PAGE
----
Apple told Reuters on Wednesday that the company will change how the Lighting port on the iPhone operates to protect users against hacking devices sold to governments. A forthcoming update to iOS will enable "USB Restricted Mode," which will limit the device to only charge via USB if it has not been unlocked in the last hour. After one hour, the USB port cannot be used to communicate with a computer. This greatly reduces the window of opportunity for law enforcement or anyone else in possession of hacking devices to unlock a given device.
Reuters indicated that Apple began work on this protection before learning that this avenue of attack was used commonly among law enforcement. Apple representatives told Reuters "We're constantly strengthening the security protections in every Apple product to help customers defend against hackers, identity thieves and intrusions into their personal data." Adding that: "We have the greatest respect for law enforcement, and we don't design our security improvements to frustrate their efforts to do their jobs."
Companies such as Cellebrite, which was alleged to have unlocked the phone of the San Bernardino shooter, as well as GrayShift, rely on vulnerabilities likely unknown by Apple to crack the passcode used to secure iPhones and iPads.
In the case of Grayshift, a MalwareBytes report from March detailed how their GrayKey unlocker works. Phones connected to the GreyKey are infected with a loader after approximately two minutes. This loader implant continues working after the device is disconnected, attempting to find the passcode of the device in question. According to Grayshift documentation obtained by MalwareBytes, this process "can take up to three days or longer for six-digit passcodes," while "the time needed for longer passphrases is not mentioned."
SEE: Information security policy (Tech Pro Research)
Similarly, MalwareBytes noted that the GrayKey has two versions, one of which is geofenced to the network it is set up on, and a second, more expensive version, which requires a token for two-factor authentication. While this is an attempt at protection, previous iPhone hacking devices, such as "IP-Box," have been used for illegitimate means, and MalwareBytes considers it "highly likely that these devices will ultimately end up in the hands of agents of an oppressive regime, whether directly from Grayshift or indirectly through the black market."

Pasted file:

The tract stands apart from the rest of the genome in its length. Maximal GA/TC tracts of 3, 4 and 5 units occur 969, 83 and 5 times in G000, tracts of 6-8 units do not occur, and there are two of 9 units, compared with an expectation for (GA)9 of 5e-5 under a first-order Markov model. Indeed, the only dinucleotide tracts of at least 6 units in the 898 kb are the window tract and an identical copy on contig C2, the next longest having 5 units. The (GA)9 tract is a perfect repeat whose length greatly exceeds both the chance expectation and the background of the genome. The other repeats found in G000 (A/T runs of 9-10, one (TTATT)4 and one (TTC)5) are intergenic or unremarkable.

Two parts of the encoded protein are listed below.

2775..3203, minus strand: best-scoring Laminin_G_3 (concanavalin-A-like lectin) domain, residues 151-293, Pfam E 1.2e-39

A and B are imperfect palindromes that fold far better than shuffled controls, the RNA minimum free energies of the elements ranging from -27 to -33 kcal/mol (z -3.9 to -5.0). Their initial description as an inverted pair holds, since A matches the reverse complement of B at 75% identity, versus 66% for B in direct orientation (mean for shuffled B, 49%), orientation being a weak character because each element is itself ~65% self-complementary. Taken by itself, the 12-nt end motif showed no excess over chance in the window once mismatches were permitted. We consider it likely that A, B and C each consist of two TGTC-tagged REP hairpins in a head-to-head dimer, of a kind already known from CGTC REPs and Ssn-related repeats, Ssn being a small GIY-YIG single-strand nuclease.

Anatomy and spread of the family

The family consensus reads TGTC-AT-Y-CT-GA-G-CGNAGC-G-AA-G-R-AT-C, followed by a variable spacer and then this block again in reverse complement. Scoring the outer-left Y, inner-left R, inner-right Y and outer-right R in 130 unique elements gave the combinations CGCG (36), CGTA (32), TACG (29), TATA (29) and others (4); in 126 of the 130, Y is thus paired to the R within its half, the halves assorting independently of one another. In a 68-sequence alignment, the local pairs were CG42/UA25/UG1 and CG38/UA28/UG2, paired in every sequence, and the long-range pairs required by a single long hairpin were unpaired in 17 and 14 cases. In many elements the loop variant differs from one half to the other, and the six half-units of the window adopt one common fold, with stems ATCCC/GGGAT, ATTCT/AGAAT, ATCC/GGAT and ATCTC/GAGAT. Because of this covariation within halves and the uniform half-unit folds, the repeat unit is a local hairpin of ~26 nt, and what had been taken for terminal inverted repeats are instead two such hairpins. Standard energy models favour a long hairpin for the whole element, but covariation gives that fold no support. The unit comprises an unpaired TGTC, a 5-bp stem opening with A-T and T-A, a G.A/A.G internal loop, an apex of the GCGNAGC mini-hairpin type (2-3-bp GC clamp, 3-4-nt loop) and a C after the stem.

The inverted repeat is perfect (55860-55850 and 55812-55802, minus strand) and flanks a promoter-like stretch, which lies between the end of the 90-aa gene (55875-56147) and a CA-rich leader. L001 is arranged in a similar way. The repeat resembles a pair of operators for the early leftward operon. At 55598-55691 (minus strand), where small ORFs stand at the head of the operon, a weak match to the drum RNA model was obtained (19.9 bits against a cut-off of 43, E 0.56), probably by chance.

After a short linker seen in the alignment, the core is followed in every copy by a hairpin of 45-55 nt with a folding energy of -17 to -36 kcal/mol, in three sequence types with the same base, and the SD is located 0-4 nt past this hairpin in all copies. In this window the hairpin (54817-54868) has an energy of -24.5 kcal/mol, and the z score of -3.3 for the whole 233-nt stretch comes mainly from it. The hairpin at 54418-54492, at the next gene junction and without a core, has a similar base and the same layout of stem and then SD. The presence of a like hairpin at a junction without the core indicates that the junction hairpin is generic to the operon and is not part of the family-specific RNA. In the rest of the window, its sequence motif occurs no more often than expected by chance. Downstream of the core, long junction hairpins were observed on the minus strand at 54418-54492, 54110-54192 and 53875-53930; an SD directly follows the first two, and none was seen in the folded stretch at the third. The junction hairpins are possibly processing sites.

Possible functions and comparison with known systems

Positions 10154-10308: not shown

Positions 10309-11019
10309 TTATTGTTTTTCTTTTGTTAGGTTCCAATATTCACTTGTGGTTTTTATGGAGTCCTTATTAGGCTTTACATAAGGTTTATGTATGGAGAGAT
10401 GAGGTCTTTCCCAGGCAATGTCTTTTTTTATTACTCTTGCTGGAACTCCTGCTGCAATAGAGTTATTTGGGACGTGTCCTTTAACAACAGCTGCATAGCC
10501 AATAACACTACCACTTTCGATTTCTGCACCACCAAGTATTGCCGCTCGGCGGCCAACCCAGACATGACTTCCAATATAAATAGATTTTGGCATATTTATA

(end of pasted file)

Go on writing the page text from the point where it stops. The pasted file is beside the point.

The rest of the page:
Since that report, hackers claiming to have obtained the source code of a GrayKey device demanded a ransom from the company. Grayshift insisted to Motherboard that only the user interface was exposed to the internet, and that this has been resolved, though Motherboard found an additional unsecured device publicly accessible to the web via Shodan.
Companies that sell packaged unlocking devices, as well as law enforcement in general, are known to often have poor security practices. In January 2017, 900GB of data from Cellebrite was dumped on the internet, including customer information, technical documents, support tickets, as well as usage logs. In 2015, 400 GB of data—including source code—was distributed online following a hack of the uncreatively-named Italian firm "Hacking Team" by a hacker identified as "Phineas Fisher". These exploits have since been used by hackers in phishing campaigns.
Despite these security breaches, law enforcement groups, including the FBI, continue to insist that tech companies should be required to provide a means of access to law enforcement in order to unlock devices—in effect, a backdoor.
Last month, the Washington Post reported that "the FBI has repeatedly provided grossly inflated statistics to Congress and the public about the extent of problems posed by encrypted cellphones," indicating that the number of phones that the bureau could not unlock were "probably between 1,000 and 2,000," while the claimed number was "nearly 7,800."
The big takeaways for tech leaders:
- A forthcoming update to iOS will enable "USB Restricted Mode" which will limit the device to only charge via USB if it has not been unlocked in the last hour.
- This limits the efficacy of commercialized unlocking kits sold to law enforcement such as Cellebrite and GrayKey.
- iOS 11 tips and tricks for business professionals (free PDF) (TechRepublic)
- Lazarus Group used ActiveX zero-day vulnerability to attack South Korean security think tank (ZDNet)
- Apple iOS 12: Cheat sheet (TechRepublic)
- For $15,000, GrayKey promises to crack iPhone passcodes for police (ZDNet)
- Biometrics and the law: Police try to unlock phone with dead man's fingerprint (TechRepublic)
- Apple to close iPhone security hole used by police, criminals (CNET)
James Sanders is a technology writer for TechRepublic. He covers future technology, including quantum computing, AI, and 5G, as well as cloud, security, open source, mobility, and the impact of globalization on the industry, with a focus on Asia.